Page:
Chapter 2

Now, from the moment I begin to look at the living-experience which forms my point of departure and to analyse the elements of it, I must also examine it closely and attempt to define it. This is where it gets away from me!

In defining it, examining it, looking at it, I am no longer merely living it; as soon as I begin to put it under examination, I distance myself from it -- it is no longer my immediate present. Can I, therefore, continue to be certain that, for me, it is beyond doubt? Will I not find that, from then on, there is no longer a dependable point of departure for my philosophical journey, and consequently no way in which the study of philosophy can be honestly practised?

But the character of unassailability which my living-experience of the immediate present loses, the moment I subject it to scrutiny, is promptly invested in this new experience in which the first one is being examined. There must be, therefore, within these two life experiences -- either potentially or in actuality, but in a recognisable way -- enough common elements so that the former can be said to be taken into account by the latter.

The beginning of my philosophical journey is, therefore, not irredeemably compromised. One may redefine it thus: at each moment, I live, instantly, an experience which is beyond doubt; certainly, what might be called the content of this experience passes with each moment, but only partially; for if the sequence of experiences were totally unrelated there would no longer be any continuity or even difference between them, but only the non-existence of one for the other.

For me, this phenomenon of sequentiality is no less undeniable than my instant living-experience. But at the same time it compels me to admit that its entire meaning is not contained within it. Rather, it is dependent, in its most intrinsic sense, upon something which is situated 'outside' itself -- that is, at least that part of the renewal which is contained in the later living-experience when the first one is put under examination. In that way, I can only perceive or 'take account of' (as against 'count') that which my living-experience of the moment is, in itself, at a further moment which is also one of my living-experiences.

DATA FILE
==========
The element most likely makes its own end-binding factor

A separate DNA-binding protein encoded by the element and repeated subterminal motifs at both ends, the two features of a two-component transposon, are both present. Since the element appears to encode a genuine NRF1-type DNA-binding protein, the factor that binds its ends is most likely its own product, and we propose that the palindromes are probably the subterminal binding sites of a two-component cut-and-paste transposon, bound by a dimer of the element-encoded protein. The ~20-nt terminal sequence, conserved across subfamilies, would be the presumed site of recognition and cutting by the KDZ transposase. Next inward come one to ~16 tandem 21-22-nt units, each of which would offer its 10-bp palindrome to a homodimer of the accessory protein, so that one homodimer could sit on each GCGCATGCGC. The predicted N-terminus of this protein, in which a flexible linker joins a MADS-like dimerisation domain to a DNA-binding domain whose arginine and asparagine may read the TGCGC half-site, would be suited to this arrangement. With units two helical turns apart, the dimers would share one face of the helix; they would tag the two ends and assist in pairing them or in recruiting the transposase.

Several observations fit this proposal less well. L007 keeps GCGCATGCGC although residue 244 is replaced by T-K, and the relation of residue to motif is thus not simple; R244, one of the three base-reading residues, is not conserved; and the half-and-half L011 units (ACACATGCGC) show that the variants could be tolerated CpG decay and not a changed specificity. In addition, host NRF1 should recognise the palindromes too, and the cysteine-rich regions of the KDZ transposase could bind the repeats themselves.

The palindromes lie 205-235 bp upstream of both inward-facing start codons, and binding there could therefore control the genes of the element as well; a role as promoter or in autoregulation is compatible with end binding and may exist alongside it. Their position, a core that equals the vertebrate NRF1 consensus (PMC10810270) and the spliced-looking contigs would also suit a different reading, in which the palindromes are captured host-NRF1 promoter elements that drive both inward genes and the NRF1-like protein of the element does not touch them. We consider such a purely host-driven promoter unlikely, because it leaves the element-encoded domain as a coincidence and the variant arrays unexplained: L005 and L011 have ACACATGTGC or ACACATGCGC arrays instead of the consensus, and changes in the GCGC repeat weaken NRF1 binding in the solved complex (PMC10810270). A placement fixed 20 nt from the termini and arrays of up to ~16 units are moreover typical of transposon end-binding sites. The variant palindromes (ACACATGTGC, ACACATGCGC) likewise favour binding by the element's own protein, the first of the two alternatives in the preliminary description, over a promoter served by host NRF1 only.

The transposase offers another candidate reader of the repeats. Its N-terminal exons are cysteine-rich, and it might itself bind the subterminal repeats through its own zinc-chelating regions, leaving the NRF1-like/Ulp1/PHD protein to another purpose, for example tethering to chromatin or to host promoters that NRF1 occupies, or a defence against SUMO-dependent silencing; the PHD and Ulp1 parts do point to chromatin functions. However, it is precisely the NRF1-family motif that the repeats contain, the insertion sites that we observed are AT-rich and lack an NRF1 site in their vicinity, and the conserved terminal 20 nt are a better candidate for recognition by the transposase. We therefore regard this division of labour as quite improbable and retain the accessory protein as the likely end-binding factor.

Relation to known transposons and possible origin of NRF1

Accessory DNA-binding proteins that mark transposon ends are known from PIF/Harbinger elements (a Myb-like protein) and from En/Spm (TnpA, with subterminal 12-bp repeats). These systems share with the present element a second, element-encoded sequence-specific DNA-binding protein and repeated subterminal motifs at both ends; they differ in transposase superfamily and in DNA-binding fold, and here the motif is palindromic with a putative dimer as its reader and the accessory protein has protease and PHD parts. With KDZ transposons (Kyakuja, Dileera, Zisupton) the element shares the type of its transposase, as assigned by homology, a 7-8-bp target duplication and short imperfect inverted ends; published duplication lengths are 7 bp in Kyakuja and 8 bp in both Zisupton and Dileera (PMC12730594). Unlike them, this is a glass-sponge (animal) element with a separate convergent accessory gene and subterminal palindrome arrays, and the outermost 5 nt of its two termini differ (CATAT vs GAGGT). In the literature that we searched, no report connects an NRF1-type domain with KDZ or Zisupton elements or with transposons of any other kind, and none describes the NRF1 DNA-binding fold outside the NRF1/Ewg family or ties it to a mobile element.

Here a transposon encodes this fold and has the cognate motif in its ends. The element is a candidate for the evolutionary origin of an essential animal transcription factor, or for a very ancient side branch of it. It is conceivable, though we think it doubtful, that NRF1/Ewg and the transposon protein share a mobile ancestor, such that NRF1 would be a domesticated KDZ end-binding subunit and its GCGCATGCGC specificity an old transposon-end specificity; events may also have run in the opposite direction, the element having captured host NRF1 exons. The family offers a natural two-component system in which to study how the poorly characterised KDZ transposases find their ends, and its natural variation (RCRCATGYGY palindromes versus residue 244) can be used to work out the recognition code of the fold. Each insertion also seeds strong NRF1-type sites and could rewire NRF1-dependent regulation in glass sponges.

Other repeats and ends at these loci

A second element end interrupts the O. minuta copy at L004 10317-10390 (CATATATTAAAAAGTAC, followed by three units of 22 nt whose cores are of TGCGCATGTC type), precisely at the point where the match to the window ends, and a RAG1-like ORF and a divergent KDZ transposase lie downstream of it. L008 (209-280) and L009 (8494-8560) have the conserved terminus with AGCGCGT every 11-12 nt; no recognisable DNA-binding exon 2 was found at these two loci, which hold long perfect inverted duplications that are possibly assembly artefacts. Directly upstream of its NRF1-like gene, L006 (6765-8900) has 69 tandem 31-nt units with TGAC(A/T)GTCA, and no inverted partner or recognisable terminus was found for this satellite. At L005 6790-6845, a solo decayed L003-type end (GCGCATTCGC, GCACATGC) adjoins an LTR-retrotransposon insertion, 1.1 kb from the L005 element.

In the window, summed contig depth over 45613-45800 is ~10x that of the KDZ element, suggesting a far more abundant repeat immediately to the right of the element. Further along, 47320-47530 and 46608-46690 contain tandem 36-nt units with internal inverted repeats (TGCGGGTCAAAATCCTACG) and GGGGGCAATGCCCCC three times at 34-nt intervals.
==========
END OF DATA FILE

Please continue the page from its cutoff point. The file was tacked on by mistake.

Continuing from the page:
This characteristic of my present living-experience, which consists of depending for its very meaning upon something which is situated 'outside' itself -- that is to say, something which is not purely and simply itself -- could be called, in spatial metaphor, an 'opening' characteristic. My present living-experience is opened upon something other than itself. The first opening manifests itself in the name of the aforementioned sequence -- in the name of change, which is a temporal process. It may be described, at this point in our research, as an opening according to time.

But in this initial approach I am not yet placing myself upon a temporal line, divided numerically into units which go from minus infinity to plus infinity (or a more limited range), and where my present living-experience takes up just one point, infinitesimally small or non-existent. (The concept of such a line corresponds to what Bergson calls 'spatialised time', which allows us, in particular, to organise ourselves on a practical, or technical footing, to make and keep appointments, etc.)

I do not seek, for the purpose of identifying my present living-experience, to imprison it within the boundaries of 'time' -- either in an instant without length (which would leave me no 'time' to experience anything at all) or within a short lapse of time bordered by two precise instants. Instead I recognise it as having a certain temporal 'thickness' (relying again upon the spatial metaphor) before entertaining any thought of measuring this 'thickness'. In other words, the demand for accuracy cannot dictate that the content belonging to my present living-experience be bounded by two temporal breaks -- even perhaps 'shrinking itself' to the point of disappearing in an 'ontological transparency' in which nothing would 'be' except that which is outside this living-experience.

It remains, as we have seen, that the full meaning of my present living-experience does not manifest itself until the start of a further living-experience which, for the first, was still to come and, in respect of which, the first one has already passed.

This initial result of my analysis can, from then on, be combined, from before and behind, with my present living-experience. This is 'what it is' only 'on account of' (and again, not in the sense of 'counting') its links-lived-within-itself, and of that which is not included in it, such as my experiences yet 'to be lived' and to come, and to my experiences 'already lived' and past.